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CAP Code remit

Thursday November 8, 2018 at 12:57pm

Helen Hart, Regulatory Affairs Manager, IPM 

On Wednesday 7th November I attended a meeting of CAP's promotional marketing and direct response panel, which provided feedback to the ASA and CAP about issues directly affecting promotional marketing. This is of direct relevance to the IPM and its members.

One of the issues that arises is deciding whether something falls within the remit of the CAP Code and in particular the promotional marketing section. Quite often you see ASA adjudications ​in which the advertiser has claimed that their marketing material wasn't advertising and therefore didn't fall within the remit of the CAP Code, and so the ASA should not be dealing with it. Generally the ASA takes a robust view of its role and the scope of the Code, taking action if it believes certain activity is within scope.  Sometimes CAP and the ASA ask their advisory panels for an industry view.

The CAP Code includes a section at the beginning which sets out its scope. It includes obvious and more traditional areas such as press and television advertising, as well as possibly less obvious such as the content on advertisers' own websites and in tweets.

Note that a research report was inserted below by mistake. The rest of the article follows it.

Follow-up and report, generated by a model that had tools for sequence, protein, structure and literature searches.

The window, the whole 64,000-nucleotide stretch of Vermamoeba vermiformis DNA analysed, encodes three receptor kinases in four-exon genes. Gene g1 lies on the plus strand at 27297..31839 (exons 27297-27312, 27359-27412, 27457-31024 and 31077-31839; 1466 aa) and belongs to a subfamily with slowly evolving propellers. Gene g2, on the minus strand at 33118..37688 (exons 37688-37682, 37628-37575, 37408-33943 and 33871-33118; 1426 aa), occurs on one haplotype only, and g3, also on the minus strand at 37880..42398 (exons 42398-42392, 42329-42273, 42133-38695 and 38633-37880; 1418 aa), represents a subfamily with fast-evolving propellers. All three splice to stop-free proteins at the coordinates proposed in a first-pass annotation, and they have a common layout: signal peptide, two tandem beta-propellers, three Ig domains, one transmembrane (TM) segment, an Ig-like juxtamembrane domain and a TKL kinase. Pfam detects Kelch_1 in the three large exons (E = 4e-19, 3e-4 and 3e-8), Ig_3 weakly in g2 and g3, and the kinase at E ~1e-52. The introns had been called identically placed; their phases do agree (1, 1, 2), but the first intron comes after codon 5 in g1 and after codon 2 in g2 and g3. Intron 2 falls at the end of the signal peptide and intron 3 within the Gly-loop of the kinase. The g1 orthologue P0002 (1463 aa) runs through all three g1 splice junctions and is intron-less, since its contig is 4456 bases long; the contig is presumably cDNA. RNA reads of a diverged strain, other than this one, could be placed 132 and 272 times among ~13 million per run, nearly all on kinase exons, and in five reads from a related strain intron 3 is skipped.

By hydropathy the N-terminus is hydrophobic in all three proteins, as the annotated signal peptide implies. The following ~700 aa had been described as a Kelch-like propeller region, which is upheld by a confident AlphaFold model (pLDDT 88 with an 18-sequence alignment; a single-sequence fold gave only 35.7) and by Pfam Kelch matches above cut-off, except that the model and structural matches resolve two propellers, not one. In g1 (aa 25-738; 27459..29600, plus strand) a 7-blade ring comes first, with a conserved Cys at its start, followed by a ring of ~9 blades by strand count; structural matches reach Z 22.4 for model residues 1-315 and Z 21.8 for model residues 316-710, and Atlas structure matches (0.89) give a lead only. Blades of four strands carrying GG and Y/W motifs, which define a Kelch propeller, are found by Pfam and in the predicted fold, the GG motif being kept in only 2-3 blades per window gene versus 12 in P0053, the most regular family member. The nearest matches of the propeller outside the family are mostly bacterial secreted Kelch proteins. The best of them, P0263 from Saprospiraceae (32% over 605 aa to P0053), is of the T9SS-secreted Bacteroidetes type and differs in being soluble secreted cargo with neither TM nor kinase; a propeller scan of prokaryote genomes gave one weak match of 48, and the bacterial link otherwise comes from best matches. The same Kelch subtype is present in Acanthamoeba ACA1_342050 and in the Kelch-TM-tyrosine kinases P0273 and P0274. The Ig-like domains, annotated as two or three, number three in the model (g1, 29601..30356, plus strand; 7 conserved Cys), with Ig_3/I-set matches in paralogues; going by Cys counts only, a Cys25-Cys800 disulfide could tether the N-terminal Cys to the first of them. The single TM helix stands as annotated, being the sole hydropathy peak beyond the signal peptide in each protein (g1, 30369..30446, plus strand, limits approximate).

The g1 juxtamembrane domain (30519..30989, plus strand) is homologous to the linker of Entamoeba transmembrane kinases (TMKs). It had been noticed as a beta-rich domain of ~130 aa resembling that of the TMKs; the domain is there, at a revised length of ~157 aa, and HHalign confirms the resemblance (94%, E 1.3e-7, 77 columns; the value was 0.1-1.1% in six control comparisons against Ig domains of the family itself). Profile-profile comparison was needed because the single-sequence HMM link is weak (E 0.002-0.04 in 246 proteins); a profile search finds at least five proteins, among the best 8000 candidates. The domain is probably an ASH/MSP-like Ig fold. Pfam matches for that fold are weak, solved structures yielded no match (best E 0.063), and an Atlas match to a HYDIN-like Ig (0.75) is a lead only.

However, this section does not specifically define advertising, so there is still room for disagreement. For example, in the past, people have argued that leaflets about wind farms were not advertising. The distinction between editorial and advertorial is constantly being considered, especially when it comes to influencer and social media marketing.  

As well as the remit of the Code generally, section 8 of the Code applies specifically to sales promotions, so extra arguments can arise about whether an activity is a promotion or, for example,  just a business scheme which does not include promotional aspects. A non-exhaustive list of promotional marketing techniques includes: 'two for the price of one' offers, money-off offers, text-to-wins, instant-wins, competitions and prize draws. The rules do not apply to routine, non-promotional, distribution of products or product extensions, like one-off editorial supplements (in printed or electronic form) to newspapers or magazines.​

CAP has issued guidance on remit in which it points out that there are many shades of grey involved in decisions about what is and what is not covered by the Code and the considerations are not always straightforward. If marketers are in any doubt, they can seek advice from the Copy Advice team or from the IPM Legal Team on whether their chosen medium is likely to be subject to the CAP Code. The ASA has also published similar guidance which includes useful examples.
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